each chromosome in this homologous pair possesses a different allele. Homologous chromosomes share the same gene sequence but may have slightly different alleles due to random chance. It’s possible that not all of the variations in these alleles affect function.
Homologous chromosomes align and recombine during meiosis. Individuals are created when sperm and egg fuse, creating gametes with different sets of alleles on each chromosome.
Homologous chromosomes are genetically identical and share a common, linear gene order. Homologous chromosomes may have different alleles, but the genes they’re linked to are always the same. During meiosis, homologous chromosomes replicate and form synapses in order to get ready for the first division. The homologous genes are in perfect alignment with one another. Linear pieces of genetic material between homologous chromosomes are traded at this stage (Figure).
Recombination, also known as crossover, is a frequent occurrence in genetics. When recombination occurs, the genes remain in their original order because they are aligned. Alleles from both parents are combined onto a single chromosome as a result of recombination. Multiple recombination events can take place along a single chromosome, leading to a massive rearrangement of alleles.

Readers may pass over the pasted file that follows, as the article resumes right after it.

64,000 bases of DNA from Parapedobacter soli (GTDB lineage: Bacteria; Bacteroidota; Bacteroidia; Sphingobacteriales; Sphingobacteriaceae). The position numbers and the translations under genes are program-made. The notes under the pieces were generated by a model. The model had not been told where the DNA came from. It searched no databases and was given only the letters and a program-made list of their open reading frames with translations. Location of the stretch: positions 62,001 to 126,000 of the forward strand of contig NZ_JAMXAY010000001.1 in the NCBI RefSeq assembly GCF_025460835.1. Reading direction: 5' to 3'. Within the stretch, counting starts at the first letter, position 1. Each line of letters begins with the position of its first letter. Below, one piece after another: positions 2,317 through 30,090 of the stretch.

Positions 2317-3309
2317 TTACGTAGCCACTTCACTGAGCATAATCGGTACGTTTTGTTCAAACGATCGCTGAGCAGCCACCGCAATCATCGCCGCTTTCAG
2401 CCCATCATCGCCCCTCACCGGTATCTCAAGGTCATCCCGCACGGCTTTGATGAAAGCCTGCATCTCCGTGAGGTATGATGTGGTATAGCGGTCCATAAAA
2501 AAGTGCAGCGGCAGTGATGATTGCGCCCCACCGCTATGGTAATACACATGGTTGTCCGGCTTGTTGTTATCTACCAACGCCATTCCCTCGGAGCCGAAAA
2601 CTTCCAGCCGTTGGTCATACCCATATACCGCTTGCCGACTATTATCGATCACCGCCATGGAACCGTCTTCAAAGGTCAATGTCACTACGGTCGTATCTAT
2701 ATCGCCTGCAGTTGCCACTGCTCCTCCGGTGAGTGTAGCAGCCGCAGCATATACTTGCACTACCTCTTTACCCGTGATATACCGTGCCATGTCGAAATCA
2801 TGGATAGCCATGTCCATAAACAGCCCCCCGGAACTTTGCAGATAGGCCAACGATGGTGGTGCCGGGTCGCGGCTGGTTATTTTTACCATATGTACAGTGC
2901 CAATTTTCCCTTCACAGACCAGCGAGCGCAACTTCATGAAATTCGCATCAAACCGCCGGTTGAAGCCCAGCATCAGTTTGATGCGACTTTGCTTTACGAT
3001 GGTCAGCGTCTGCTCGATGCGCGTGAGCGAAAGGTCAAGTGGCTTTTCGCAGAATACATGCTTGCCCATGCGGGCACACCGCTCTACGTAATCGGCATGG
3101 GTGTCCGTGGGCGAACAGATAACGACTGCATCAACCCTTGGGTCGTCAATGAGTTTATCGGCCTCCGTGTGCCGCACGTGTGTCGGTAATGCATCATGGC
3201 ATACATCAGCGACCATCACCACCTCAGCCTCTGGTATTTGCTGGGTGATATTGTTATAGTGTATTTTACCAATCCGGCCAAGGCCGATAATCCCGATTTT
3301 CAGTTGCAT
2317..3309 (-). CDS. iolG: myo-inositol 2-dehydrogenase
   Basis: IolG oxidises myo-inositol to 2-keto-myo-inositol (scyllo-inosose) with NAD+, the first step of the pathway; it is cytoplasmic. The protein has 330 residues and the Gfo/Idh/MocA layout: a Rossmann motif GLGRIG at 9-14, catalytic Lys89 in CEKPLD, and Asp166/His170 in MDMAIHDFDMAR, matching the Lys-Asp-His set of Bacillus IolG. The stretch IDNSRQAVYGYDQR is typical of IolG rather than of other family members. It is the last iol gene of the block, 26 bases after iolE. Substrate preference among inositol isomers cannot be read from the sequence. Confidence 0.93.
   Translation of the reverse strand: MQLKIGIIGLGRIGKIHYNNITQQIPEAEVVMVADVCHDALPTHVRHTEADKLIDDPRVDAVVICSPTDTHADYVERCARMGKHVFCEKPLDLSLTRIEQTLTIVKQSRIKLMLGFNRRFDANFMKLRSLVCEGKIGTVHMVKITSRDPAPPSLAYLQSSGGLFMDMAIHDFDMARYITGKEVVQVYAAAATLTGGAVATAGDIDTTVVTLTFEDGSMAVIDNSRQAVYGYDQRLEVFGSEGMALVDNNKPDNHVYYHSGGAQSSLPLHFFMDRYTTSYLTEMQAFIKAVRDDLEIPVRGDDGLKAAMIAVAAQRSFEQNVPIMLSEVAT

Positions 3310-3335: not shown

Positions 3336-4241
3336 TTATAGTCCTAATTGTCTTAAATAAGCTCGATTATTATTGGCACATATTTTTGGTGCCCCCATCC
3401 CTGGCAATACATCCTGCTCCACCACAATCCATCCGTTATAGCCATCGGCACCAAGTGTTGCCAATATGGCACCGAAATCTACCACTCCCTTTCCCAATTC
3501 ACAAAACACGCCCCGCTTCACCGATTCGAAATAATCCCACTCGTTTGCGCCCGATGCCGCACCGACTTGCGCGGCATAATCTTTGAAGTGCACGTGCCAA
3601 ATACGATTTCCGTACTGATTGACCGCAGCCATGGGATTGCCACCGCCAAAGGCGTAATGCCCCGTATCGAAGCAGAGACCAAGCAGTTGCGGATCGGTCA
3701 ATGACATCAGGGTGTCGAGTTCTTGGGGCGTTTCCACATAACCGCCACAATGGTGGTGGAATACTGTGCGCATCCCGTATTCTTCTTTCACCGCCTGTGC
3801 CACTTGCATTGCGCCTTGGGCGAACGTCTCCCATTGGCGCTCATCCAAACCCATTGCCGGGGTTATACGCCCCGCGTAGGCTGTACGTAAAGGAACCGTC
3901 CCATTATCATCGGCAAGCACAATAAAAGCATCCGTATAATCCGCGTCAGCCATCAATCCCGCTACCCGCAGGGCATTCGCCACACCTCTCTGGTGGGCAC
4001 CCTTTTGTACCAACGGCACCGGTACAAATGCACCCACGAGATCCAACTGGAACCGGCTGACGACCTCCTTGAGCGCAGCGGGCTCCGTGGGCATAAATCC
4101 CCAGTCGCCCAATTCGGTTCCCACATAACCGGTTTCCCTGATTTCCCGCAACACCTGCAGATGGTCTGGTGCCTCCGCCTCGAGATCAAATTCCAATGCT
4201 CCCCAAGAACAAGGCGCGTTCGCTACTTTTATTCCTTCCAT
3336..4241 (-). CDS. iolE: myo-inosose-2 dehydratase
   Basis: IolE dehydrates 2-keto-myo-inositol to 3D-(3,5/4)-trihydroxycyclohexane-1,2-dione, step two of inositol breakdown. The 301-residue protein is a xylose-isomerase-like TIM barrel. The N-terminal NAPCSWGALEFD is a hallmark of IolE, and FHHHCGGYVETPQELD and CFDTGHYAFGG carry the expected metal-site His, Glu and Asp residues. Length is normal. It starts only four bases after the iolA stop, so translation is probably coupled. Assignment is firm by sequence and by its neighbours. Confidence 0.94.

A pair of genes is said to be linked if they sit next to one another on the same chromosome and their alleles tend to travel through meiosis together. Consider a dihybrid cross in which the genes for flower color and plant height are located on adjacent chromosomes to illustrate. It stands to reason that when gametes are formed, the alleles for tall plants and red flowers will go together into one gamete, while the alleles for short plants and yellow flowers will go together into other gametes.
These are the genotypes that were passed down unaltered from the individual’s parents and are therefore referred to as the parental genotypes. It’s true that there won’t be any tall yellow gametes or short red gametes, but that’s because the genes are on the same chromosome. Using these gametes to generate a Punnett square reveals that the classical Mendelian prediction of a 9:3:3:1 outcome of a dihybrid cross is incorrect.